Here’s Why You Should Never Douche—And What to Do Instead
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Douching is more common than you may realize. But is douching safe? Here's what to know about the practice—and why you're better off not doing it.
The history of douching
Although many people know it as part of a curse word, “douche” is actually French for wash, explains Carol Dunetz, MD, a gynecologist at NYU Langone Ambulatory Care Lake Success.
Vaginal douching is essentially rinsing the vagina with a liquid. And it’s a relatively common practice in the U.S. as one in every five women between 15 and 45 years old do so, according to the U.S. Department of Health and Human Services Office on Women’s Health (OASH).
But just because other people do it doesn’t mean you need to, or should, be douching. In fact, doing so could cause some unsavory side effects. Here’s what you need to know about douching.
What is douching?
Again, douching involves cleaning the vagina with a liquid mixture via a spray bottle or bag.
“There are various liquids such as vinegar and water, betadine, antiseptics, and fragrances,” Dr. Dunetz says. “Douches often come in a plastic container with a nozzle.”
The process starts with warming the liquid while in the shower, pulling out the nozzle, and inserting it in the vagina and squeezing the container.
What does douching do and not do
“Some women like to douche to eliminate vaginal odor and discharge,” Dr. Dunetz says.
A strong odor or irritation is a sign to speak to your doctor, not to douche.
Although douching more than once a week has been linked with difficulty conceiving, the practice is neither a pregnancy nor sexually transmitted disease prevention method, according to Dr. Dunetz.
Is douching safe?
There is no known, clear benefit of douching, but douching can definitely create problems, according to Dr. Dunetz.
That’s why the American College of Obstetrics and Gynecology also doesn’t recommend using douching products. And neither does Jacqueline Walters, MD, a board-certified OB-GYN and author of The Queen V.
“Thou shalt not douche—period,” she says.
“The vagina is colonized with bacteria,” Dr. Dunetz adds. “Douching can disrupt the normal vaginal flora and actually cause an overgrowth of harmful bacteria, creating a bothersome discharge.”
Essentially, trying to douche messes with the pH balance and the natural vaginal flora that help stop infections and prevent irritations.
Dr. Walters says you want your vagina’s pH (the normal level of acidity present) to be between 3.8 and 4.5. Your period, sex, antibiotics, hormones, and any chemicals you introduce into your vaginal ecosystem could destroy its natural pH.
Removing or reducing this healthy bacteria could lead to issues like yeast infections by creating an environment more susceptible to overgrowth.
In fact, women who douche once a week are five times more likely to develop bacterial vaginosis than women who do not douche, per research in the journal Obstetrics & Gynecology.
And women who use douches may not only have a difficult time getting pregnant, but are more likely to experience early childbirth, miscarriage, and other pregnancy complications like an ectopic pregnancy, according to Epidemiologic Reviews.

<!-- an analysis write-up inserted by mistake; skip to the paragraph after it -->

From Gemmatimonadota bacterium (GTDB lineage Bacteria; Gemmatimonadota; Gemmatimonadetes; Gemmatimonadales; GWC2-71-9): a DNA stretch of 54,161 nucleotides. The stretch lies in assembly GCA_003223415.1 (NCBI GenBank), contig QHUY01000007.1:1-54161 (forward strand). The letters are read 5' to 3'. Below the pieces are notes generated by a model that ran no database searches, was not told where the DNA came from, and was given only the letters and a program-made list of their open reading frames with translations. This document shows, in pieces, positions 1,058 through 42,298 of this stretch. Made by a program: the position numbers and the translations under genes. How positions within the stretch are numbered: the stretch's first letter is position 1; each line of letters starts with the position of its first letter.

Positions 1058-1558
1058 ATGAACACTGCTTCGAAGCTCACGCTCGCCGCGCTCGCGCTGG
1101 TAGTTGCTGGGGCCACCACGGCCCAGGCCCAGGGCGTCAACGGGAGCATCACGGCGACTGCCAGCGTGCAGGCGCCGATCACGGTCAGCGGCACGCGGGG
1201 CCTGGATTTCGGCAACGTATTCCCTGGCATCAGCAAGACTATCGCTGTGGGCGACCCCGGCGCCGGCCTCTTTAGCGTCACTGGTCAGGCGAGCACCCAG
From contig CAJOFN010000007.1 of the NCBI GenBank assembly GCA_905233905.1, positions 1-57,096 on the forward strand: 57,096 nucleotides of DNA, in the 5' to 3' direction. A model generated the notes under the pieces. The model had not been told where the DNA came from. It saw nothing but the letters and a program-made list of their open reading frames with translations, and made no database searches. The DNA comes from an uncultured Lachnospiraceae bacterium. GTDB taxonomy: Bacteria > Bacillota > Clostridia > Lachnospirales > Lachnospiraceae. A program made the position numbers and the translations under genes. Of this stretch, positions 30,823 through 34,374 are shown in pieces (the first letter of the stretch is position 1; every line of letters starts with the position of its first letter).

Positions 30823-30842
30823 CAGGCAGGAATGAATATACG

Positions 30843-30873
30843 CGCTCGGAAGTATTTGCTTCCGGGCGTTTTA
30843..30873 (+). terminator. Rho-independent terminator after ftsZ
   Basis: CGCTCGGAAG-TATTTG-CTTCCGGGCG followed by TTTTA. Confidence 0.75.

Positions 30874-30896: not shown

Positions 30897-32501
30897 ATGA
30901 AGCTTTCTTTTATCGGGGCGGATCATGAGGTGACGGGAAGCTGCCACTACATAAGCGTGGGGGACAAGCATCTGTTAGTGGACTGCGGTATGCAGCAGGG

Some women douche with the idea that doing so will help prevent sexually transmitted infections or diseases, but it actually makes things worse.
Douching increases a woman’s risk of pelvic inflammatory disease (PID), an infection that develops in the reproductive organs and is usually caused by STIs such as gonorrhea, chlamydia, or trichomoniasis.
The same Epidemiologic Reviews found that using douching products increases a woman’s risk of PID by 73 percent. That’s because the process of inserting fluid could push the bacteria or infectious organisms through the cervix, allowing it to travel to the fallopian tubes and abdomen, Dr. Walter says.
Untreated PID could lead to infertility.
How to clean your vagina
The short answer is that the vagina does not require any special cleaning.
The body naturally flushes out and cleans the vagina by making mucous which washes away blood, semen, and vaginal discharge, according to the OASH.
Dr. Walters says it’s like a self-cleaning oven.
“Your vagina has its own cleansing process thanks to the secretions it releases,” she says. “It also has a naturally balanced ecosystem made up of healthy bacteria that shouldn’t be disrupted.”
You can keep your vagina clean and healthy by washing externally with a mild soap that doesn’t contain fragrances, Dr. Dunetz says.
And Dr. Walters says it’s OK to use just warm water. “I tell all my patients not to let suds go past their clitoris and certainly not up inside the vagina,” she says.
It’s also best to avoid scented sanitary products as they may increase the chances of getting a vaginal infection.
Again, if you think you have vaginal odor or discharge or if it changes, speak to your doctor so you can find out why, and seek any necessary treatment. It could be a sign of an STD.
“If you really have an infection that’s causing a smell, you need a diagnosis from your gynecologist to figure out the cause,” Dr. Walter says.
Just note that healthy vaginas can have a mild scent that may change throughout the day, which is perfectly normal. Don’t fall for marketing ploys or products that tell you that it should smell like flowers or something else.
Next, check out the body parts to wash less often.
- Carol Dunetz, MD, gynecologist at NYU Langone Ambulatory Care Lake Success
- Jacqueline Walters, MD, board-certified OBGYN, author of The Queen V
- U.S. Department of Health and Human Services: "Office of Women's Health: Douching"
- American College of Obstetrics and Gynecology: "Vulvovaginal Health"
- Obstetrics & Gynecology: "Prevalence of bacterial vaginosis: 2001-2004 National Health and Nutrition Examination Survey data"
- Epidemiologic Reviews: "Vaginal Douching: Evidence for Risks or Benefits to Women's Health"